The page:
Maybe that's wrong, actually. Maybe that's actually the same issue. Antipathy for people who I'd really just wish would shut up is probably the correct response. Maybe I need to be more careful with who I call a "friend". Just because I see them a lot and don't think they're a bad person doesn't mean I have to consider them a friend. Similarly, even if they latch on and call me a friend, I'm not really obligated to reciprocate. It's a double edged sword, of course. Nothing says that the people I want to think of as friends have any obligation to think of me the same way either.

I don't know. If I measure my friends based on who I'd go out of my way to bring a present to on their birthday, the number of folks starts getting REALLY small. Like 10, tops, including family, most of whom I'd just as soon ignore. And if I measure based on who I've actually done that for in practice, rather than just who counts on paper, the number is smaller still.

Anyway, this is all a distraction really. Long story short, I can't really bring myself to care about most people, and the few I do care about I mismanage so badly that I wonder how much time they spend worrying up front about how much energy dealing with me is going to cost. Ultimately this means that there's no way that I'm going to be sucessful at relationships.

But back on topic, this means I'm currently adrift in life. My original dreams are dead in the water. Retiring early, (truly early, not this joke where you retire after you've gotten your AARP card and complain about two flights of stairs being bad on your knees,) is also not really feasabile. So now what? I've launched myself kinda haphazardly at a project where I start a business I promised I'd never do with about 5 more months of cash and unsurprisingly my spirit for the project is essentially non-existant.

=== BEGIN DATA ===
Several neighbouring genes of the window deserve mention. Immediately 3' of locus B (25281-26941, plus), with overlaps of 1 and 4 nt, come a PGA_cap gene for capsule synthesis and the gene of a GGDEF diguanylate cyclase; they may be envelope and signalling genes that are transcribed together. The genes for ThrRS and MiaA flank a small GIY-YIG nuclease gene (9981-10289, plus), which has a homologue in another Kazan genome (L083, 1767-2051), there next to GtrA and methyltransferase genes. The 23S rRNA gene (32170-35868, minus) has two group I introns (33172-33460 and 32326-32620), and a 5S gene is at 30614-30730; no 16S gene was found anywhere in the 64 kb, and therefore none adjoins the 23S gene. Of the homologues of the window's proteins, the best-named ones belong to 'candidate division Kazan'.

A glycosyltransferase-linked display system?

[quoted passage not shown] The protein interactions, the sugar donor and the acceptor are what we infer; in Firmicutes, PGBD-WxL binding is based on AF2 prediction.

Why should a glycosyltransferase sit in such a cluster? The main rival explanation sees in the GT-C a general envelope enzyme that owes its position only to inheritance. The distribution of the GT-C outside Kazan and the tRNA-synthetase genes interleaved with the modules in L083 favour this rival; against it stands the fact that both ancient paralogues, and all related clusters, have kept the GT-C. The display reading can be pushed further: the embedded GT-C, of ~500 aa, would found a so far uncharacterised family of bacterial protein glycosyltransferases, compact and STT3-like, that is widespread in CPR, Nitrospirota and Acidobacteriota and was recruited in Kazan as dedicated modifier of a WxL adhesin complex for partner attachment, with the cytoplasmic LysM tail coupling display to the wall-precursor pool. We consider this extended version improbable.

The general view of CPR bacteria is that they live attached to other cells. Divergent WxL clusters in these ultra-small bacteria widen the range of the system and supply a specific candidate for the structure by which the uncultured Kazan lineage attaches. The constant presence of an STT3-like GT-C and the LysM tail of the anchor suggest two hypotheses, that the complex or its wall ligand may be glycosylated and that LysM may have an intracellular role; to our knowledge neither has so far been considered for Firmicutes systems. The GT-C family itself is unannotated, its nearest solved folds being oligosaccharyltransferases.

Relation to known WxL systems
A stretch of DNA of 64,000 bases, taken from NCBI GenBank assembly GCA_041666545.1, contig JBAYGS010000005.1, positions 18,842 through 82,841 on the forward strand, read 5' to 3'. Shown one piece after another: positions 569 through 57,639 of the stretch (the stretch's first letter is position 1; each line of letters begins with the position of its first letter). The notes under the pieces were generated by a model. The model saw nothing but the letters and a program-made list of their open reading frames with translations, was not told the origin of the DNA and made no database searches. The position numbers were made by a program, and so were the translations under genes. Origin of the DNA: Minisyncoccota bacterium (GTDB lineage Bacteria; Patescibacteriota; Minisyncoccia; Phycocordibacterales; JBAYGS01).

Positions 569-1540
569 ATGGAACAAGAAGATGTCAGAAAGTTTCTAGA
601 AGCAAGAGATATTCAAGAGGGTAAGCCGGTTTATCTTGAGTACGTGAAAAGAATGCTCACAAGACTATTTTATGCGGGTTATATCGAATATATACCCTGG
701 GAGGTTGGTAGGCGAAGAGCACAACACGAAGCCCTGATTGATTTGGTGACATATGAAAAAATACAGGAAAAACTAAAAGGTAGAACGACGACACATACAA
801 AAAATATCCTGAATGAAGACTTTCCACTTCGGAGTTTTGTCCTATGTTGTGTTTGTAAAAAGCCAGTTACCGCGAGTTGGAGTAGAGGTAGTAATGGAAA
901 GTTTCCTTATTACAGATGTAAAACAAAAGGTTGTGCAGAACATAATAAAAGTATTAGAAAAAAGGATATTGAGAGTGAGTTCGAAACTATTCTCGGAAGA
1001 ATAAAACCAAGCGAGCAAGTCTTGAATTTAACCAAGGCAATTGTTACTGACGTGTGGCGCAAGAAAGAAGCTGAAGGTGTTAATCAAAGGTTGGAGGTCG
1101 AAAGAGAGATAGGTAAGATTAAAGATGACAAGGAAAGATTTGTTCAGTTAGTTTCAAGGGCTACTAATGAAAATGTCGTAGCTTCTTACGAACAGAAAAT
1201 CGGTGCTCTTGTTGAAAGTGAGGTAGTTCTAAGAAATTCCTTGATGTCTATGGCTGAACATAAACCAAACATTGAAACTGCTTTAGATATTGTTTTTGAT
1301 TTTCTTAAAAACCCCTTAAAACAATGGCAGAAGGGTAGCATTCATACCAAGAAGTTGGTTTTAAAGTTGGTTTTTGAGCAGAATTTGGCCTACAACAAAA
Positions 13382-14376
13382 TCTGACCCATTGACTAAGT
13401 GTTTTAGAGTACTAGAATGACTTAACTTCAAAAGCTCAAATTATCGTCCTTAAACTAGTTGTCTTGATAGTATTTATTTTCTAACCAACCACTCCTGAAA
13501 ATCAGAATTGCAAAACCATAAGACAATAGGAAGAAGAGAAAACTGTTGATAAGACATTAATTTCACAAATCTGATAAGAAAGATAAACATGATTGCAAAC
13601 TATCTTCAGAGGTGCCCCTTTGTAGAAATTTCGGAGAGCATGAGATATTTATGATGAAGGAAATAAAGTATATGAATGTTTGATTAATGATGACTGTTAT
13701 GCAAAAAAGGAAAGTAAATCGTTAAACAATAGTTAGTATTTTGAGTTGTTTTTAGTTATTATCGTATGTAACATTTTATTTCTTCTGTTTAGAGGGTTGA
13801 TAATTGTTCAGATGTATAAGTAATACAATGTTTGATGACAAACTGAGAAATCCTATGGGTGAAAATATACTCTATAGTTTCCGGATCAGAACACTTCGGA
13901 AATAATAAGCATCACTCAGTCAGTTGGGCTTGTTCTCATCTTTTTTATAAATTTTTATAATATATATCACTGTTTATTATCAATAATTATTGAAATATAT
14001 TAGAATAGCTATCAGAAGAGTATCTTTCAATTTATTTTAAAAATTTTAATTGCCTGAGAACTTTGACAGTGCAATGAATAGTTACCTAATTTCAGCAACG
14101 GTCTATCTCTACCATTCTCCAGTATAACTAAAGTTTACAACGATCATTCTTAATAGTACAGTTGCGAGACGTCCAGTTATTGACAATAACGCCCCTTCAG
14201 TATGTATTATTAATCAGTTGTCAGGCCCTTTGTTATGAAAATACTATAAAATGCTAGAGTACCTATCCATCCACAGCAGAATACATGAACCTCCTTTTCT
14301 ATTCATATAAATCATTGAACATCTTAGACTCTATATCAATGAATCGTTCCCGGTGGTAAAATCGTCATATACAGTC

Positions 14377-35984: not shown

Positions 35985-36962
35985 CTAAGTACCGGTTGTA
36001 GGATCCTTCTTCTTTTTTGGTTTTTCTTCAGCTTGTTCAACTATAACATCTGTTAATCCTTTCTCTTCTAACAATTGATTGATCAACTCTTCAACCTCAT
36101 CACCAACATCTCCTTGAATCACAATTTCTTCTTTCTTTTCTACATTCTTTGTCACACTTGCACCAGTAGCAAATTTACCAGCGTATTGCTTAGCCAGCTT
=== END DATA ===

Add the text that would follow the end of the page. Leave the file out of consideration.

Ya, I can fail out of this project, go back to working for some company for half the money I need to accomplish any of my goals, but then what? Where does this go? What's the point?

I really don't know.

And it's been wearing on me for about a year now; right about the time I realized that my backup plan was probably a bust. Not just a "really hard to acheive goal" but a genuine impossibility. Arguably, despite all of my claims to the contrary, that may be fundamentally why I left my last job. I don't know though. All of the comments I made at the time are undeniably true. Even the boss who said I was wrong about the company didn't argue my points, they argued my conclusion about what they meant in the long term, and even then, only that he felt they were more likely to detect and correct the problem than I did.

But by itself, that's really just conjecture.

In any case, it's time for me to invest in me a bit in the more direct sense. I've setup a plan that will let me get some things that need to be dealt with in a timely manner, and then I plan to take a few days off to collect myself, and then I plan to launch into a period of discovery, for myself, my tiny, budding company, and my goals.

Hopefully that will give me a chance to find my fighting spirit again rather than toiling against a clock ticking towards an equally pointless job search. If I'm honest, that's the one thing I want to be sure of; if I fail at this business thing, I want it to be because I put everything I had into it and failed; not because I didn't even know why I was doing it, and as such, did nothing. Hell, let's say I decide this isn't the right thing for me. I want to properly do nothing, not sit here pretending to work like I would in an office to impress a non-existent boss. If I'm going to take this as a sabbatical, I'm going to right and properly do those things that I wanted to do but work was in the way.